Other cities that have the potential to experience problems from excessive rainfall this week include Memphis and Nashville, Tennessee; Little Rock, Arkansas; Jackson and Tupelo, Mississippi; and New Orleans and Baton Rouge, Louisiana.
"With bigger rain forecast for this week on roughly the same areas that were hit last week, there may be more significant and perhaps more widespread problems due to flooding," Rayno added.
Some rivers in the region that could experience significant rises during the middle and latter part of this week after runoff flows downstream from smaller tributaries including the Pearle, Alabama, Tennessee, Yazoo, Chickasawhay and Tombigbee.
Water levels on the lower portions of the Chickasawhay and Tombigbee rivers were at minor flood stage and cresting early this week, according to National Weather Service hydrological data. The surge of water was from last week's rainfall.
The same pattern that brought heavy rain and flash flooding last week also produced 245 incidents of severe weather, including 54 reports of tornadoes on March 16 and 17. The outbreak continued on March 18 but was focused along the southern Atlantic seaboard.
Alabama was dealt some of the most destructive severe weather last week. An EF2 tornado touched down in Chilton County on Wednesday, spawning 130-mph winds. An EF1 tornado packing 110-mph winds struck Moundville, Alabama, causing severe damage to buildings and ripping roofs off homes.
Officials and the National Weather Service credited preparation and the actions of residents when warnings were issued in the path of severe weather with the fact that no fatalities occurred amid the outbreak in the area.
"THANK YOU Central AL for preparing beforehand & for heeding the warnings yesterday!! We are very thankful & happy to report there were NO fatalities," NWS Birmingham shared on Twitter Thursday night. "However, many people are picking up whatever is left of their belongings. Please keep them in your thoughts & prayers."
Severe weather threats, including the risk of tornadoes, will return to the area this week.
The first round of severe weather ramped up late Monday afternoon into Monday night in portions of western and central Texas, with at least one confirmed tornado and over two dozen damaging wind and hail reports, according to the National Weather Service's Storm Prediction Center (SPC).
On Monday night, high wind gusts up to 78 mph were reported in West Texas. The severe weather damaged the roofs of multiple homes in Plains, Texas, according to SPC. In Bertram, Texas, there were reports of multiple power lines down and debris blocking roadways following a tornado-warned storm. No tornado touched down, but damaging straight-line winds led to extensive damage.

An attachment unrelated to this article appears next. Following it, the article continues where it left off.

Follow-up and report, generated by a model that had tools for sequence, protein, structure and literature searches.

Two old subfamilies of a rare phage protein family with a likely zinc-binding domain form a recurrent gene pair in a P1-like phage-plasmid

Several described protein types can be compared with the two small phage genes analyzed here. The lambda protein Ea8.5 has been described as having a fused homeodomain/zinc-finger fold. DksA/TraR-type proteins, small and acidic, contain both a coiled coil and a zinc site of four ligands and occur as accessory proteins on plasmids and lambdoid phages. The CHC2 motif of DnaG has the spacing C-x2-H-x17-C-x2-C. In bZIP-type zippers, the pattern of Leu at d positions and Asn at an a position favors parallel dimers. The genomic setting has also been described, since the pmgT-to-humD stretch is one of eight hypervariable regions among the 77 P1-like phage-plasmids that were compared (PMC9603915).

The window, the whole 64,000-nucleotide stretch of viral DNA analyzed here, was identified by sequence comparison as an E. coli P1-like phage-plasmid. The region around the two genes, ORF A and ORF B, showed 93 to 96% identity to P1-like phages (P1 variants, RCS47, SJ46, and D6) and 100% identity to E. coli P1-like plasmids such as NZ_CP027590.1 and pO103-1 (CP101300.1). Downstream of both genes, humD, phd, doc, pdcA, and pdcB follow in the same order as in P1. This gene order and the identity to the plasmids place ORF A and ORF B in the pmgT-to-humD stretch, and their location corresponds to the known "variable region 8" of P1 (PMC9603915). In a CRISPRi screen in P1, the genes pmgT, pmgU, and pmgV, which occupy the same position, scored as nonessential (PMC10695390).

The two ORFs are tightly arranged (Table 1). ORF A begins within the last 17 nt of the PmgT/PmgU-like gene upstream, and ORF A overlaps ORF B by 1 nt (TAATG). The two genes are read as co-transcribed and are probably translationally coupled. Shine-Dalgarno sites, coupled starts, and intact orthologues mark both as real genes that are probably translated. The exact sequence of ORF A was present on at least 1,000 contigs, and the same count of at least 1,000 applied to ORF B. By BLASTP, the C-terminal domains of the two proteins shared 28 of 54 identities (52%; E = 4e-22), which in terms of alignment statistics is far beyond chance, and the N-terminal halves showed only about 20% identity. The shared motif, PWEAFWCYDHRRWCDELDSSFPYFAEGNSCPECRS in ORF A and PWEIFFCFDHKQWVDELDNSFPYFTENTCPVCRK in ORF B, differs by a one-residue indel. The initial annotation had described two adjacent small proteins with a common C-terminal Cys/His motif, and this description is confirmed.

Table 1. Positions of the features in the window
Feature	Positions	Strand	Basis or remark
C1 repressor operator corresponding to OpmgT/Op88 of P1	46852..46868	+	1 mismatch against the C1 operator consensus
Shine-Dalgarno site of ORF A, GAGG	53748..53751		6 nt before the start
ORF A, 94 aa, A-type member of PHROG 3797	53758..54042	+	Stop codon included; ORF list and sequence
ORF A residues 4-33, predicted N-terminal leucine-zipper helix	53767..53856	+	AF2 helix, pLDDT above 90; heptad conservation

Pictures on Twitter showed extensive damage to buildings around town. Hailstones as large as 2-3 inches in diameter were also reported across central Texas.
These storms will shift eastward heading into the middle of the week, with a marginal risk of severe thunderstorms forecast for part of the same areas expected to receive excessive rainfall over the Mississippi Delta region on Tuesday and Wednesday. The severe weather threat may begin again on Thursday in parts of the South.
"We will be watching the area centered from the central part of the upper Gulf Coast to the Tennessee Valley on Thursday, provided some of the ingredients for severe weather fall into place, including the possible presence of a strong, low-level jet stream," Rayno said.
A low-level jet stream is a strong flow of air in the lower part of the atmosphere, that begins several hundred feet above the ground. That can help to fuel thunderstorms as it pulls warm, humid air from the south.
Once again, all facets of severe weather will be possible on Thursday, including the risk of a few tornadoes.
People may not see or hear the storms coming, so it is essential that they have a means to get severe weather watches and warnings, such as via the AccuWeather app.
Even as the stream of warm and humid air originating from the Gulf of Mexico may help to fuel thunderstorms, there may be other factors that act as deterrents to the development or intensity of severe thunderstorms. Cloud cover and saturated ground in the region could tend to limit the warming effects from the sun. At this time, the risk of multiple tornadoes, some of which can be strong, exists for Thursday.
AccuWeather meteorologists have been tracking the threats for this week even as the severe weather was underway last week -- and forecasters will continue to provide updates on the severe weather and flooding risks this week.
Keep checking back on AccuWeather.com and stay tuned to the AccuWeather Network on DirecTV, Frontier, Spectrum, FuboTV, Philo, and Verizon Fios.Report a Typo